NACo comments on proposed HRSA reentry care guidelines

Doctor with tablet and patient

Key Takeaways

On April 10, the Health Resources and Services Administration (HRSA) published a draft Policy Information Notice (PIN), which proposed critical guidance to improve health outcomes for justice-involved individuals reentering their communities. By leveraging Federally Qualified Health Centers (FQHCs) and Community Health Centers (CHCs), the policy aims to provide essential health services to incarcerated individuals during the 90 days prior to their release. This initiative seeks to enhance care coordination, reduce recidivism and alleviate the financial burden on county health systems.

NACo’s comments

The draft PIN currently excludes individuals in pre-trial detention. More than 80 percent of those in jails are pre-trial detainees, presumed innocent. In larger jurisdictions, the percentage is higher, such as 87 percent in New York City’s Rikers Island and 97percent in San Francisco’s jails. 

NACo strongly urges HRSA to remove the exclusion of pre-trial detainees from the guidance to ensure that all incarcerated individuals can benefit from transitional health services provided by a local community health center. Including all incarcerated individuals will not only ensure they receive necessary transitional health services, but will also improve overall reentry outcomes and reduce recidivism. By supporting this change, county officials can help enhance the impact of HRSA’s guidance, ensuring better health outcomes for justice-involved individuals and aligning with comprehensive CMS policies. This advocacy is crucial for the well-being of our communities and the efficient use of county resources.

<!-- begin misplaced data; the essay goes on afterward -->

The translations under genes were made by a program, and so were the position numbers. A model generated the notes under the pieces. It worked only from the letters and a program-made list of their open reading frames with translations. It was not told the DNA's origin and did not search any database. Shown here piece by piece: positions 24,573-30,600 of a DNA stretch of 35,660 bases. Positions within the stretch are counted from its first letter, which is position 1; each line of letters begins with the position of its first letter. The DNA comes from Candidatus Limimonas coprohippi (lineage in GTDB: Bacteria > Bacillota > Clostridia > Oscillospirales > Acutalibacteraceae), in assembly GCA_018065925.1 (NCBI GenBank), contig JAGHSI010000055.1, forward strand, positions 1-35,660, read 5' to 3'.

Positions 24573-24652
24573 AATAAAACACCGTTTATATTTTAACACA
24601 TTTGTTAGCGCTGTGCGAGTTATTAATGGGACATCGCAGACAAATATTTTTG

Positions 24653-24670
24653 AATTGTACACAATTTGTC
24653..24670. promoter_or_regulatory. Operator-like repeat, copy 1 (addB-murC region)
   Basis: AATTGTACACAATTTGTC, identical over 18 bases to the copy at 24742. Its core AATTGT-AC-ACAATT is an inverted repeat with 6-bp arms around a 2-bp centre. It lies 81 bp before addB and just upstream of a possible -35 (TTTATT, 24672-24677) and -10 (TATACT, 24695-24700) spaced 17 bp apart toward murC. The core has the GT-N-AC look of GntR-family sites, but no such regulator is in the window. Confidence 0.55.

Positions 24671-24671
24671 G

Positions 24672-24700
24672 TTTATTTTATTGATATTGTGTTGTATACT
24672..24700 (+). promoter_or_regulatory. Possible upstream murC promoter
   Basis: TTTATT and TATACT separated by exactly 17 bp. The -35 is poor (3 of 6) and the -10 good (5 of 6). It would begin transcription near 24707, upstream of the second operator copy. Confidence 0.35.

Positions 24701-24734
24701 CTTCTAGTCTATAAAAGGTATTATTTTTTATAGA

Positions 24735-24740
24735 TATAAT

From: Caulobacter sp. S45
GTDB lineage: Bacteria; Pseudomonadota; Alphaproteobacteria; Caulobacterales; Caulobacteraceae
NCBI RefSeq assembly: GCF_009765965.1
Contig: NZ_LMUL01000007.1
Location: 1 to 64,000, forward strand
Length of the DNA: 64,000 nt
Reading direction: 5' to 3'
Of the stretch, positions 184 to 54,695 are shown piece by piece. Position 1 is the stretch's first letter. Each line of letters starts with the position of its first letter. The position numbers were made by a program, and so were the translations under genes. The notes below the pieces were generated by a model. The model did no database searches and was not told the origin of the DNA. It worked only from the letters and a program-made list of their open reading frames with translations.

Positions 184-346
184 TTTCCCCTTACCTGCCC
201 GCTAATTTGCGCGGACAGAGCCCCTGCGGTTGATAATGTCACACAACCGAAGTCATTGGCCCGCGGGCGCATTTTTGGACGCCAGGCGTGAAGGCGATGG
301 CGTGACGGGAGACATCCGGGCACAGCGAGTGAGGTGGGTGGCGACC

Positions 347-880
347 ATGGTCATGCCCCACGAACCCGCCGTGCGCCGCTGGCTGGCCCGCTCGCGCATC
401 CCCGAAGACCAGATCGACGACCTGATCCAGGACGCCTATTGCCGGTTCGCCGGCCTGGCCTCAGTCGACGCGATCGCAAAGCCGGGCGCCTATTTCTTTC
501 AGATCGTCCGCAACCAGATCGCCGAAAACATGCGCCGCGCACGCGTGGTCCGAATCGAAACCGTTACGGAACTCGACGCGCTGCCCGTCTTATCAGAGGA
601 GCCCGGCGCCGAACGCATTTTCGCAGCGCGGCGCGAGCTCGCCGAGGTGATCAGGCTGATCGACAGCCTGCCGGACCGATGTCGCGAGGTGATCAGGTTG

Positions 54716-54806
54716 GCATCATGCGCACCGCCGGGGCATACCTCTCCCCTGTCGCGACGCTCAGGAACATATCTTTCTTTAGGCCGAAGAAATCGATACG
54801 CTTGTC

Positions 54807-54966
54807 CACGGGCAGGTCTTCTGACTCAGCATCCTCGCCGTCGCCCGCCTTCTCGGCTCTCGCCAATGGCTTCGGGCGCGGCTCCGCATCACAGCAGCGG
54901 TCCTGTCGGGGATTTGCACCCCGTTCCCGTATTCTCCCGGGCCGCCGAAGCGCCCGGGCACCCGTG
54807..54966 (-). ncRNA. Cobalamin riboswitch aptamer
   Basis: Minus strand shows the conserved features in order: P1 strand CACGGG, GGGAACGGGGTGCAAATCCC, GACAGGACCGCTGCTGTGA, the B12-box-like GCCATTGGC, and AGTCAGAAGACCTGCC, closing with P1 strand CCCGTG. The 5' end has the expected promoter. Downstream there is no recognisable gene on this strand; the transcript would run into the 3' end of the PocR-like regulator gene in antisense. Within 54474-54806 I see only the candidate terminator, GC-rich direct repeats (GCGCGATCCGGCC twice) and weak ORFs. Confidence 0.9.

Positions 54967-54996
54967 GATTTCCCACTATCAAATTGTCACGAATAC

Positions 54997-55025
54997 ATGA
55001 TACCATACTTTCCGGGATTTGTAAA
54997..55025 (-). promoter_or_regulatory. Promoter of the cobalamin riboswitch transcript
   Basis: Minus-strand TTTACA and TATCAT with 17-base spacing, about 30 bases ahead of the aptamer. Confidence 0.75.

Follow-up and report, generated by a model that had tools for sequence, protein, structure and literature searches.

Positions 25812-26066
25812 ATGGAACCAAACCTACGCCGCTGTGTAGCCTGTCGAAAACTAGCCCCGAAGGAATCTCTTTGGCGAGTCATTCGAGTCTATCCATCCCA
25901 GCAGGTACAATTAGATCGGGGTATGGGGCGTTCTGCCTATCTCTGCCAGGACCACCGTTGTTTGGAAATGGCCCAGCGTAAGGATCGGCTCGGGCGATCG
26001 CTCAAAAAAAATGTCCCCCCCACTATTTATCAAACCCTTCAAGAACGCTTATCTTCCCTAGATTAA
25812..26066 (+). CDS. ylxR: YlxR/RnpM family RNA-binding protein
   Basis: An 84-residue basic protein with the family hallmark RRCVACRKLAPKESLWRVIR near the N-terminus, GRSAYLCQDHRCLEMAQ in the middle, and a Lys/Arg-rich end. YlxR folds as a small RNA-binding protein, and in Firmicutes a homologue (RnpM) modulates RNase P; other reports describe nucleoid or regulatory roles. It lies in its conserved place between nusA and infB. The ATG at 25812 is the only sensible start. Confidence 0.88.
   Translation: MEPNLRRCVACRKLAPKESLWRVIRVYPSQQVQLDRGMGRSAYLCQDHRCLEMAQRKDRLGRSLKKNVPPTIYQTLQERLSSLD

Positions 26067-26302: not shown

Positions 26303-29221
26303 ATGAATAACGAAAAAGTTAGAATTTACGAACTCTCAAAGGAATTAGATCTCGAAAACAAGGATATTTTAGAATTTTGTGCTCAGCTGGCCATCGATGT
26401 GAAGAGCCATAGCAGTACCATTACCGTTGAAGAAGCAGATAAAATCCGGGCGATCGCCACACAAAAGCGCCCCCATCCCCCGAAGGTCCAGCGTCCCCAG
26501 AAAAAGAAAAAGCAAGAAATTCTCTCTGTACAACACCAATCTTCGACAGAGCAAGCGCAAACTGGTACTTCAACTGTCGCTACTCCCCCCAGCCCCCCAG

View NACo’s comment 

Impact on counties

  • Significant Impact on Local Jails: County governments operate 2,875 of the nation's 3,160 local jails. In 2022, these jails admitted approximately 7 million individuals with an average stay of 32 days. Mental health and substance use issues are prevalent, with serious mental illnesses three to four times more common among jail inmates than the general population.
  • Health and Public Safety of Residents: Forty percent of the jail population has a serious chronic health condition, 44 percent have a major mental health illness and 63 percent suffer from a substance use disorder. Over 95 percent of incarcerated individuals eventually return to their communities, often facing delays in health insurance reenrollment and access to critical health services.

Counties invest $176 billion annually in community health systems, justice and public safety services. This includes covering the entire cost of medical care for arrested and detained individuals. Federally Qualified Health Centers (FQHCs) and Community Health Centers (CHCs) are essential in delivering healthcare to reentering individuals. Counties support using these centers to provide health services for 90 days before an individual’s release, improving care coordination and continuity.

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